Simplify Solid-State Lighting Dimmer Design

by Koichiro Yoshimoto, Thyristor Business Development Manager, Semiconductor Business Unit, Littelfuse, Inc.

Koichiro Yoshimoto_Littelfuse
Koichiro Yoshimoto

Solid-state lighting is rapidly becoming the most popular lighting option for a broad range of applications. With the U.S. government’s mandate to save energy, incandescent lamps are being rendered largely obsolete, and increasingly being substituted by Light Emitting Diode (LED) bulbs. LED bulbs offer a better choice for many applications due to the ease of adapting them to many different socket and shape requirements, as well as their long lifespan (typically 25,000 hrs.). As prices for LED bulbs continue to fall and become more competitive with compact fluorescent (CFL) bulbs, analysts estimate that LED lighting’s share of the residential lighting market will reach nearly 50 percent in 2016 and more than 70 percent in 2020. For designers, however, it’s important to understand that LED lighting and dimmer controls present new challenges than previous technologies.

Triacs, or triode for alternating currents, comprise the heart of AC light dimming controls. When triggered or turned on, these components can conduct current in either direction. Previously, triacs used in dimmers had typically been characterized and specified for incandescent lamp loads, which feature high end-of-life surge current when a filament ruptures, as well as high current ratings for both initial high in-rush currents and steady-state conditions.

Compared to incandescent lamps, LEDs have much lower steady-state current, and their initial turn-on current can be much greater for several microseconds at the beginning of each half-cycle of AC line voltage. On average, the steady-state follow current is less than 100mA; the current spike for an AC replacement lamp is 6–8A peak.

LED bulbs for residential lighting might draw 7.5W (A19 bulb-450 lumens) or higher, with a chandelier typically using around four to ten bulbs, while a string of 50 holiday lights could use as little as 4.8W. Old filament units for recessed ceiling fixtures generally draw 65W, while an LED flood lamp designed to replace the typical filament unit produces 750 lumens but consumes only 13W (BR30).

The newest generation of triacs makes designing an AC circuit for controlling LED light output less complicated than previous application as fewer components are required: a firing/triggering capacitor, a potentiometer, and a voltage break-over triggering mechanism. By utilizing two inverse parallel sensitive gate silicon-controlled rectifiers (SCRs) as the voltage break-over triggering device, it lets the controlling circuit yield a broad range of light level outputs. This helps achieve a low hysteresis control because the two SCRs can then form a full breakback trigger. See Figure 1 for an illustration of a circuit diagram for a recessed flood lamp (such as a BR30 LED lamp) suitable control.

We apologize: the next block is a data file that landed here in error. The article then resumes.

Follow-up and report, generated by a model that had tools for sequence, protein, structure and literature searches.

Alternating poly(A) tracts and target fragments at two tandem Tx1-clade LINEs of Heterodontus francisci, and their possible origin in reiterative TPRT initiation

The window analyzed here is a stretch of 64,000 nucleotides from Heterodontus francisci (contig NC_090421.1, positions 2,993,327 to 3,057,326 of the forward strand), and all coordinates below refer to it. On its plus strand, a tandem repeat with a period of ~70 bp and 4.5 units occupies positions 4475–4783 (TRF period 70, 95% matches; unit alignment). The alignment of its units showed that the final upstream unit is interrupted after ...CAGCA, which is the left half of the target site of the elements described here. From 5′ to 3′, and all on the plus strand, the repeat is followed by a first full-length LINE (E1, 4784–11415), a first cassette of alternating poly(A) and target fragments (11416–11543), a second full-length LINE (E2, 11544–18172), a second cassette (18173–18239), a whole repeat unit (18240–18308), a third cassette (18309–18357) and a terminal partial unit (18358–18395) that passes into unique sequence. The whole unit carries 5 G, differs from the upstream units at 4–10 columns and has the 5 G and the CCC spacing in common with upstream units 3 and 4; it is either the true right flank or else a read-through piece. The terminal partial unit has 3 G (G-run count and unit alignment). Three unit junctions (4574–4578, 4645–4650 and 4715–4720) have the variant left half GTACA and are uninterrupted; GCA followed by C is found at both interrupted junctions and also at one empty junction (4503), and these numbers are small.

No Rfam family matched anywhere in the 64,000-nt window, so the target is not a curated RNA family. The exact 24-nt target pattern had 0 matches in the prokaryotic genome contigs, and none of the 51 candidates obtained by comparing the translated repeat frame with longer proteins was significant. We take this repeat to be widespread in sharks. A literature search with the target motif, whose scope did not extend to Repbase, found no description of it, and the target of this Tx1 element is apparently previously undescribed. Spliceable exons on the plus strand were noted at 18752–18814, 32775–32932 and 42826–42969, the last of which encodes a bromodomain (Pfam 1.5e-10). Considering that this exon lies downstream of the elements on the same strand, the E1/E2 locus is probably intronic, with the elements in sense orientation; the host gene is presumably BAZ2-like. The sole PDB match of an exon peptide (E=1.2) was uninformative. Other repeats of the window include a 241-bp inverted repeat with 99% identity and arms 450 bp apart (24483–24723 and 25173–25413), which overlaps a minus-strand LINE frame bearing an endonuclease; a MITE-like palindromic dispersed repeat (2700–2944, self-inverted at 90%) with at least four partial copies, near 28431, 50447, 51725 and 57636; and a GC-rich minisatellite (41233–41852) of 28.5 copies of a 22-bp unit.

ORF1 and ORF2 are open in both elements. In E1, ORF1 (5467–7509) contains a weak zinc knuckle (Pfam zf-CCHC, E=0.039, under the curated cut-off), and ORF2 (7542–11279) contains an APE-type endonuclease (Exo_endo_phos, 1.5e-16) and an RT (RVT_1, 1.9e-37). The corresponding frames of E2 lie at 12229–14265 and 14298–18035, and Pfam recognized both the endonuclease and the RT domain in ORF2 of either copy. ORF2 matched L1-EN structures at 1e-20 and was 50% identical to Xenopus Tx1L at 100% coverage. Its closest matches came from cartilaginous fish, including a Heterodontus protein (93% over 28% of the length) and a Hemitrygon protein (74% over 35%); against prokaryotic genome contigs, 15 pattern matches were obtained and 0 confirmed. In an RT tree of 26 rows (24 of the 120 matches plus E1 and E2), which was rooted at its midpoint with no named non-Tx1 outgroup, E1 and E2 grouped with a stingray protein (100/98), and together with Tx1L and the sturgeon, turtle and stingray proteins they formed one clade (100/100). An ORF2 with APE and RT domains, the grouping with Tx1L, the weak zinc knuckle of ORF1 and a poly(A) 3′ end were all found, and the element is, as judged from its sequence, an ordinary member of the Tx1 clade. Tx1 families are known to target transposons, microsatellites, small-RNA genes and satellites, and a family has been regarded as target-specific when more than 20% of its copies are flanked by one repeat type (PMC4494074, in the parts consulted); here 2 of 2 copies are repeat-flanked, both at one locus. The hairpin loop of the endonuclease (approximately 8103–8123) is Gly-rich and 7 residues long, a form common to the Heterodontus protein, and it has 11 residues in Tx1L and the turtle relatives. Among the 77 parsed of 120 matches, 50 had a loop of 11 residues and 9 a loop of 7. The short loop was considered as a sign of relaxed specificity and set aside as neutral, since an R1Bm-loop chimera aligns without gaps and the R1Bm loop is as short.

Figure 1. Dimmer circuit for a recessed flood lamp, using two inverse parallel sensitive gate silicon-controlled rectifiers (SCRs)

This circuit allows the bulb to turn on at nearly the full 180° on each AC half-cycle; the RC timed turn-on also may be delayed to a small conduction angle on each half-cycle for very low light output. Triacs featuring low latching and holding current characteristics, such as the Littelfuse Q60xxLH1LED Series, allow the triac to remain functional at very low current levels. Two inverse parallel sensitive gate SCRs (S4X8ES1) with their gates tied together produce a significantly low voltage triggering device with full breakback voltage, producing little hysteresis and allowing the potentiometer to be set for a small conduction angle with turn-on being immediate when the line switch is turned off and on. The diagram in Figure 2 adds steering diodes around the C1 firing capacitor, improving upon previous phase control/dimmer circuits that had poor hysteresis.

Figure 2. Dimmer circuit designed for better hysteresis.

A quadrac device (a unique type of thyristor that combines a diac and a triac) offers a simple variable light control alternative for applications in which low hysteresis and a wide control range are less critical. Figure 3 illustrates how combining an alternistor triac and the diac triggering device in a single TO-220 isolated mounting tab package can reduce the component count further. This control circuit confers a little lower full turn-on voltage due to higher VBO switching of the diac trigger device but provides a dimming function that functions from 175° to <90° of each AC half-cycle.

Figure 3. This diagram shows a quadrac-based dimming circuit in which the potentiometer is 250kΩ with built-in fixed end resistance of 3kΩ minimum. The device is a QxxxxLTH1LED with more sensitive triac die (low gate and holding current characteristics). VC is the same as the triggering voltage of the built-in diac die. ; RL is a minimum LED load of 10W.

For more details on LED lighting dimmer design, download the free application note available from Littelfuse.

About the Author

Koichiro Yoshimoto is Manager, Thyristor Business Development Manager for the Semiconductor Business Unit of Littelfuse, Inc. His responsibilities include identifying and developing strategic growth markets as well as introducing new products into those markets for power control products, focusing in Thyristor products. He received his B. Eng in Industrial Chemistry from University of Tokyo in Japan. He has been with Littelfuse for over 10 years and in the electronics industry for 20 years.


  1. great article!
    can we place a motor insted of a led as a load ? if not what modifications should be done on the circuit?


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